There are many risks in the supply chain that can drastically affect a company’s profitability, reputation and ability to function optimally. These risks, in recent times, have been multiplied through things such as globalization, piracy, economic crises and exchange rates. Also, the move towards instant gratification and needing everything right now can add further risk.
Ironically, there is a conflict that emerges between current trends toward optimization and lean manufacturing and the ability to manage the increased threat of risk to the supply chain. Lean manufacturing has endless benefits to a company as it promotes the elimination of waste and the enhancement of quality and profitability. However, this requires a reduction in the storage of works-in-progress or raw materials lacking purpose or not being used right away. The supply of raw materials as they are required is called just-in-time supply, and although possessing many good attributes, it certainly opens the company up to risk.
Globalization and alternate suppliers
With the increase in globalization across all industries, the reality is that more and more products are imported and exported, especially if doing so relates to costs saved and continuation of supply despite seasonal changes. With an increase in sourcing products or raw materials from overseas, there are certain risks that have increased or become apparent. These involve things such as piracy and hijacking of transportation routes, economic instability of supply countries, changes in currency and even natural disasters. For this reason, it is advisable to have alternate suppliers on the ‘approved suppliers list’ that have been pre-vetted and a report established which would save time in the event their services need to be utilized to maintain production.
Understanding the customer demand and pre-empting trends
Inventory management programs such as that provided by Unleashed can aid the understanding of customer demands which essentially gives the company vital information in advance about what products will sell and when. This information can then translate into good management of supply chains and therefore the ability to absorb any risks supplies could be exposed to. Part of this approach involves the ability of the research team to pre-empt trends and provide what the customer needs before the customer even knows it. This will help do away with ‘just-in-time’ delivery, as the company will be in a predictive stance as opposed to a responsive one.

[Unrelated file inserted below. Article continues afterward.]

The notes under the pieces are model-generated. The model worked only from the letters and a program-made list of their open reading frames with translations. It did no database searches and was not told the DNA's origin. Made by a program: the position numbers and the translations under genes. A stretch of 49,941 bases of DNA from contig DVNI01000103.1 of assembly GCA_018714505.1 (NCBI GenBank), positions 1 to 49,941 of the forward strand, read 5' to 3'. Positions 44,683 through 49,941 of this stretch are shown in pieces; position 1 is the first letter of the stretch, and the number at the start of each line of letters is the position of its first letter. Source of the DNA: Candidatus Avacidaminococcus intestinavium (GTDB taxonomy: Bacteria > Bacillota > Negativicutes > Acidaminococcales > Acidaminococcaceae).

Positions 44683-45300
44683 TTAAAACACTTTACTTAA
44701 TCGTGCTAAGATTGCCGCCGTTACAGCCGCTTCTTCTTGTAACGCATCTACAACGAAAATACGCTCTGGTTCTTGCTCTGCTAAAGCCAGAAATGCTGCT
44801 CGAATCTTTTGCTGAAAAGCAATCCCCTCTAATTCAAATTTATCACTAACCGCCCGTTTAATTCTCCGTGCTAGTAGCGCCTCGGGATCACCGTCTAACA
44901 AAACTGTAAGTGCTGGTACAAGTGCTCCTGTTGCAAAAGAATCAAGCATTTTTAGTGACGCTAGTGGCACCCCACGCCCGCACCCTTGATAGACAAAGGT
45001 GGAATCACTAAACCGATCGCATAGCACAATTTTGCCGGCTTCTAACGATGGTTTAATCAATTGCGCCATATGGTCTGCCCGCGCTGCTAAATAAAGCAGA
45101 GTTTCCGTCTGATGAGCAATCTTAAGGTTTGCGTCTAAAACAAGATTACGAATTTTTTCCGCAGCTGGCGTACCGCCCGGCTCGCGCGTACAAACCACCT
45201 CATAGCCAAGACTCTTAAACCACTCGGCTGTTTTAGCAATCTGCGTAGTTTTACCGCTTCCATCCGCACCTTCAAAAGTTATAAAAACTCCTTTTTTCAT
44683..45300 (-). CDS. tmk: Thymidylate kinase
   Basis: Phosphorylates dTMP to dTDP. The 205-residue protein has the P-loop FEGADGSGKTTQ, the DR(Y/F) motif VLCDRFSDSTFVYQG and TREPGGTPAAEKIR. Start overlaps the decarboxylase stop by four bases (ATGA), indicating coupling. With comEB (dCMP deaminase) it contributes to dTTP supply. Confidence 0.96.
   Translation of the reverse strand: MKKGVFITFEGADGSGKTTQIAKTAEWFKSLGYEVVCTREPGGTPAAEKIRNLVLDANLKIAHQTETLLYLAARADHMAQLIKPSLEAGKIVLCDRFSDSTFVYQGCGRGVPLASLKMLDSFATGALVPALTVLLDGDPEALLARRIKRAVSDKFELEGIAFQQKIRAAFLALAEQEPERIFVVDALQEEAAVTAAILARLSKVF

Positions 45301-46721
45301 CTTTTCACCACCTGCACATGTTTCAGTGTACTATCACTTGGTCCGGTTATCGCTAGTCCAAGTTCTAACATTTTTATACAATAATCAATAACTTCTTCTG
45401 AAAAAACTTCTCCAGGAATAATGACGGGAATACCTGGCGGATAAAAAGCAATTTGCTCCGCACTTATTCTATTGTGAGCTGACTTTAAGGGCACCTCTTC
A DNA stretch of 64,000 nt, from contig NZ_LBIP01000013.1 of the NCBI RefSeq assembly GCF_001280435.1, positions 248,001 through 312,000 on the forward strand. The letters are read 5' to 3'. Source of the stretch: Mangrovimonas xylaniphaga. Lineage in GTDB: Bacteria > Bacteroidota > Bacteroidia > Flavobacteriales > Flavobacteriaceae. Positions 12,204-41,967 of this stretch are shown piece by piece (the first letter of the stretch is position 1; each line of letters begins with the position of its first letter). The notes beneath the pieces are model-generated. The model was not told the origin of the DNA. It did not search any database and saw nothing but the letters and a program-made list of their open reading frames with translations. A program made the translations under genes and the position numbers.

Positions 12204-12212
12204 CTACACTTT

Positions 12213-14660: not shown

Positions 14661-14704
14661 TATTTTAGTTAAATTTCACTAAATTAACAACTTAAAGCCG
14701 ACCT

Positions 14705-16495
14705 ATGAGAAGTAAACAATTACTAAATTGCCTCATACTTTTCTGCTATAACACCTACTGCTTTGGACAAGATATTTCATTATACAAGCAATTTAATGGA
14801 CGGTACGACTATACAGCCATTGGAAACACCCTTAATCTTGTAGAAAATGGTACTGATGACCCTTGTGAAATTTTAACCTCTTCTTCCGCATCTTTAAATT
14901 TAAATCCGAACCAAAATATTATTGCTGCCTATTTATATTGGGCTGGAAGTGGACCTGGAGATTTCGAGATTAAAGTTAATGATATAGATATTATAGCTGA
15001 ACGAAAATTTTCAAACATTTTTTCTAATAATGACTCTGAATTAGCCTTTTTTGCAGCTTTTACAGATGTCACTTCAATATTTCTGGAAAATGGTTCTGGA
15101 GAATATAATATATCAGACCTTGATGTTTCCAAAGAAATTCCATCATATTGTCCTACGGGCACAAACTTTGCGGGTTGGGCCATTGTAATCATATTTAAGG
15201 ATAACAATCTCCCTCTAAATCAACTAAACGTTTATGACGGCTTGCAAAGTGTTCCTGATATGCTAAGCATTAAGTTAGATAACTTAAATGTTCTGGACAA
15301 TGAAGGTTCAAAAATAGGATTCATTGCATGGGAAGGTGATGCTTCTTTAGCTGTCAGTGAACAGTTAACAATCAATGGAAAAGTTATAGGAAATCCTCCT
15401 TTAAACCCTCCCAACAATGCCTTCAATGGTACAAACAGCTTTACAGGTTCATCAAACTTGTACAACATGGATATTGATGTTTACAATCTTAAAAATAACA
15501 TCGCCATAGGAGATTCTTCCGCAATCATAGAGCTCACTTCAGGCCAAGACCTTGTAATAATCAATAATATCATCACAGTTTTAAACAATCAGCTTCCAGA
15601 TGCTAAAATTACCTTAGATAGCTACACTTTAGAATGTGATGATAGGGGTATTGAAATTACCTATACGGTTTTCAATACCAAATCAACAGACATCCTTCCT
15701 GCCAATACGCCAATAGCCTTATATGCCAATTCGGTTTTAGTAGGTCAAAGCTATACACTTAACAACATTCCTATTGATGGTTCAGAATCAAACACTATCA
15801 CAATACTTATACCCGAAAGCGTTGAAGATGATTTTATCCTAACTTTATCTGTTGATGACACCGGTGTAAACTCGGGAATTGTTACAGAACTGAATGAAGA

Formulating a crisis management team and dealing with customers
Sometimes, it is inevitable that despite meticulous planning, supplies end up jeopardized and as such the company must react and formulate alternate plans. It is beneficial to have a pre-planned crisis management protocol and team to implement it to ensure that any communication and decision issues do not add to the problems at hand. Also important, is having a protocol on how to deal with customers, what to say in the event something cannot be supplied and what compensation (if any) can be offered. Having these things in place prior to any of the risks actually occurring will go a long way with rectifying the situation quickly and still providing the best care and service possible.
In short, adverse events are inevitable, but it is the management of them that sets companies and governments apart. It is essential for the company to seek knowledge about their needs and how they are fulfilled by their suppliers to be in the best position possible to avoid risks in the first instance, or be able to deal with them appropriately should they eventuate.
Topics: lean inventory, profitability, risk management, suppliers, supply chain management